Birth of a culture
by Jan Lundberg
By now, the charade of peace and universal prosperity is less comforting to almost everyone, although many still cling to it. Throughout the socioeconomic pyramid, people are just out to quickly prosper and hoard, increasingly because of the uncertain future. "I know what, I'll own my own island - one that has a good elevation to escape sea-level rise!" Sure.
Up until recent years, the illusion of equitable economic growth and perpetual material security were enough to calm people in their struggles, provided they were not directly oppressed or persecuted. However, when top executives now make 450 times minimum wage, when extra billions of dollars are always squandered on the gold-plated U.S. military as opposed to helping working people who pay taxes, and when the environment is deliberately trashed for financial gain, this sends everyone a message louder and louder: "It's dog eat dog, and to hell with future generations."
What the establishment counts on is most people accepting this and being good consumers. However, some of us resist, and when it's together with like-minded people it creates an alternative we can call community.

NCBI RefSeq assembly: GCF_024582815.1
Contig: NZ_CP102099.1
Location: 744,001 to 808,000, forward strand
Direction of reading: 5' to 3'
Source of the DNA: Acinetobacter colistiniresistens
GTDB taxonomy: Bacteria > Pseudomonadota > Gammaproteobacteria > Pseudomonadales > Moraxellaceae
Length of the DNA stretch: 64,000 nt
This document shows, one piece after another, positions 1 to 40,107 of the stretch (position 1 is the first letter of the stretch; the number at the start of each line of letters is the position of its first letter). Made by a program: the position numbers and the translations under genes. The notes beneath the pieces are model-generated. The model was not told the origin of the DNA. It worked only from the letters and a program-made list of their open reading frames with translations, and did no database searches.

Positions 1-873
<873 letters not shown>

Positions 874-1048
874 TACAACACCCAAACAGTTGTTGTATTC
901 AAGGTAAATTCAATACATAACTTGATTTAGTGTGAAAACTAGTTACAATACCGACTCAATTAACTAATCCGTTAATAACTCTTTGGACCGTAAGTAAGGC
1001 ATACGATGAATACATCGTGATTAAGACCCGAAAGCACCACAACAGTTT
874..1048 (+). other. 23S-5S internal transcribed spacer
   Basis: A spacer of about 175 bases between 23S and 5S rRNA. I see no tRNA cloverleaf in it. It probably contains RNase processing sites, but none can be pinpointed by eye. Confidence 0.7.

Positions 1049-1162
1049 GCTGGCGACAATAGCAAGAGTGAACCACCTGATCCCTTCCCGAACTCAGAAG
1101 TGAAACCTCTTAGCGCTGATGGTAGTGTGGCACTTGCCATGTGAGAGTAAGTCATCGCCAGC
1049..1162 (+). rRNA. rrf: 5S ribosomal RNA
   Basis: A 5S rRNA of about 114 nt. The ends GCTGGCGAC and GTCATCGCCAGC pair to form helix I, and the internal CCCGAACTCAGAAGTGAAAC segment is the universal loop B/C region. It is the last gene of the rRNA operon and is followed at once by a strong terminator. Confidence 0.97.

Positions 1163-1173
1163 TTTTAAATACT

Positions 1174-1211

U.S. flag wavers don't like to think they're sending future generations to hell. After all, with faith in good ol' 'merican ingenuity, everything will just keep getting rosier, right? But they need to wake up and smell our smoke from Iraq and our climate-altering vehicles. That would imply eventually changing - perish the thought - one's daily routine and social relations.
There are some interesting reasons to think and act, such as ensuring there's a future food supply in the petroleum-mainlining economy. Another consideration is that U.S. population has sailed past sustainability, mostly by importing 1.2 million new workers legally and permanently each year. Legal immigration constitutes the biggest factor in the disastrous growth of the nation's population. This is policy mainly meant to add to the consumer base and lower wages.